As the Feb. 28 deadline nears for Canada’s environment minister to issue a decision statement on whether the New Prosperity Mine is likely to cause significant adverse environmental effects, both sides are hopeful the decision will land in their favour.
Former Tsilhqot’in Chief Ervin Charleyboy has been a vocal supporter of the project since 2011.
“It’s in the federal government’s hands,” Charleyboy said.
“I’m optimistic. If it’s a yes for the mine, it’s going to be a perfect opportunity for our young people.
“What kind of future are our grandchildren going to have after logging?”
Tsilhqot’in National Government Tribal Chair Chief Joe Alphonse (TNG), said he is confident in the TNG’s strong opposition to the project.
“We’re awaiting a decision that’s going to favour our position,” Alphonse said.
“The federal government would have way too much to lose if they were to try and move forward with the project.”
The government may have political will, but they don’t have legal grounds, he said.
Taseko’s vice-president of corporate affairs Brian Battison said the decision could be a yes, a no, or under unusual circumstances, a delay.
“I have no idea what they will possibly do,” he said. “Rather than speculate I would rather answer questions when the decision has been made.”
Patricia Spencer, a member of the Friends of Fish Lake, has been one of many non-First Nations people opposed to the mine.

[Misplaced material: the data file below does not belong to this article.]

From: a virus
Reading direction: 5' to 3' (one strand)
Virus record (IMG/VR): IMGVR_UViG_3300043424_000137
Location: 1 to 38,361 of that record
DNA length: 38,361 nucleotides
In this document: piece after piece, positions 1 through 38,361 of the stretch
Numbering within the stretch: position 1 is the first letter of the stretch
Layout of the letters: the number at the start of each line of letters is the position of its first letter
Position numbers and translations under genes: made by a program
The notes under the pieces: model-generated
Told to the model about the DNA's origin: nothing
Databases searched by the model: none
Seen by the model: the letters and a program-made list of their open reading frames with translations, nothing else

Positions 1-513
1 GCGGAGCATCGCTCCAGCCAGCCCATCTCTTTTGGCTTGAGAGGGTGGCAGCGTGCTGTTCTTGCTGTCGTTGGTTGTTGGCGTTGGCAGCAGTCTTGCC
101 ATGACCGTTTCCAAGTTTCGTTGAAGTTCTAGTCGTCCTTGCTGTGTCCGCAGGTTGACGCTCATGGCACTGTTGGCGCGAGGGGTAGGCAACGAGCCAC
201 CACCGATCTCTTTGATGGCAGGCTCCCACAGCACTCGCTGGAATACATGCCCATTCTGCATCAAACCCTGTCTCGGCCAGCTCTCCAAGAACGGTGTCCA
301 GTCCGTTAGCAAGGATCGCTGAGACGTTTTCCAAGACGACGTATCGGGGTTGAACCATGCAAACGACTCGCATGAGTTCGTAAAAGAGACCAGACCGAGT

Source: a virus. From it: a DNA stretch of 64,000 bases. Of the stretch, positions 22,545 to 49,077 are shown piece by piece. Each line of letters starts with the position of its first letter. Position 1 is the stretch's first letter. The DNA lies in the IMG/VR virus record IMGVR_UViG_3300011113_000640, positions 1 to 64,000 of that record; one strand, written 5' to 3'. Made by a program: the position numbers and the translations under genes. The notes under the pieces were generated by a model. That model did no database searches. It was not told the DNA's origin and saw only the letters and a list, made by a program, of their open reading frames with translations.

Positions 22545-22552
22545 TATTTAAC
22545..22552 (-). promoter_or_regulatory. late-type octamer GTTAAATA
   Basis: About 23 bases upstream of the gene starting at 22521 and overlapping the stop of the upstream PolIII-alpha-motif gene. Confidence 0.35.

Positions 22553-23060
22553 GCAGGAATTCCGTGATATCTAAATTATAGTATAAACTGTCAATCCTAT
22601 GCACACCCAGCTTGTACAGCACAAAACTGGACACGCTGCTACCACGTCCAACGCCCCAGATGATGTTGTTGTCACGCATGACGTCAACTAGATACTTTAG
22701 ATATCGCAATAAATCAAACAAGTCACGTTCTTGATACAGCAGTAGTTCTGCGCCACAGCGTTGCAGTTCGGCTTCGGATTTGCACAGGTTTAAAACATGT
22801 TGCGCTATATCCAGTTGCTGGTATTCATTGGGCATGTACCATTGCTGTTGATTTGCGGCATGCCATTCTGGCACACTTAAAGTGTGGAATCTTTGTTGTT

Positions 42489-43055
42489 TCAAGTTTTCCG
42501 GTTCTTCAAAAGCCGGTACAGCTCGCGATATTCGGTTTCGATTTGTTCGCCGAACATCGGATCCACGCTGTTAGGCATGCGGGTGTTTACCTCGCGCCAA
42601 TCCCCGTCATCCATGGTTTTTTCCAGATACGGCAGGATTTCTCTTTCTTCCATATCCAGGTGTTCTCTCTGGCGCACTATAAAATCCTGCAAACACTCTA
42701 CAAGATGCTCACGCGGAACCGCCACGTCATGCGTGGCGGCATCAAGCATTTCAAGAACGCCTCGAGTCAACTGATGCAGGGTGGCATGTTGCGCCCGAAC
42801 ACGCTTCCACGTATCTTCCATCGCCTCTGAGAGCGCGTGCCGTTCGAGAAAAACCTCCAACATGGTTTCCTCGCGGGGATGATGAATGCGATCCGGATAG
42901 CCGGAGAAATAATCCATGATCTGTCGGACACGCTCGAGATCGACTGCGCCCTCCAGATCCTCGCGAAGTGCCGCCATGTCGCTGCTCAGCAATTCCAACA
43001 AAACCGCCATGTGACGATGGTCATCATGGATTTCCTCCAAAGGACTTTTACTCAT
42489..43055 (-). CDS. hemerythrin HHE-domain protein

“To me sometimes it feels like a popularity contest whether to protest or support the mine, but it’s about doing what’s right,” Spencer said. “The government needs to uphold the findings of the federal independent panel. There will be other mines, but the impacts of this one are unacceptable.”
Charleyboy said he continues to advocate for the mine because of the economic benefits it will offer people living in the region.
“I meet many young First Nations who are working in mines and many others are taking the BC Aboriginal Mining Training and that’s good,” Charleyboy said.
Those young people are happy and supporting their young families, he said.
“They get paid good money, it’s better than sitting on welfare. New Prosperity would open up a whole new opportunity.”
Alphonse, however, said if the mine is rejected then First Nations will be allowed to continue to have ceremonies and preserve the area.
“We will take comfort in knowing that we followed the mandate that was set out by our people to do what we can to preserve the land, the wildlife and the fish,” Alphonse said. “The more we can introduce our young people back into our culture, the less social issues we will have.”
Battison said if the federal government expresses a willingness for the project to proceed, it will go back to the provincial government for further approvals.
“They’re the ones who have the lion’s share of the regulatory jurisdiction through the mine act and the environmental act.”
Spencer added she hopes the minister will say no to the project.
“We know cabinet will want to say yes, but if the government of Canada approves it they’ve lost a lot of credibility,” she said. “The credibility of the environmental review process will be gone.”
Of course people want economic development, however, the challenge is to find a way to move forward without sacrificing the environment, Spencer said.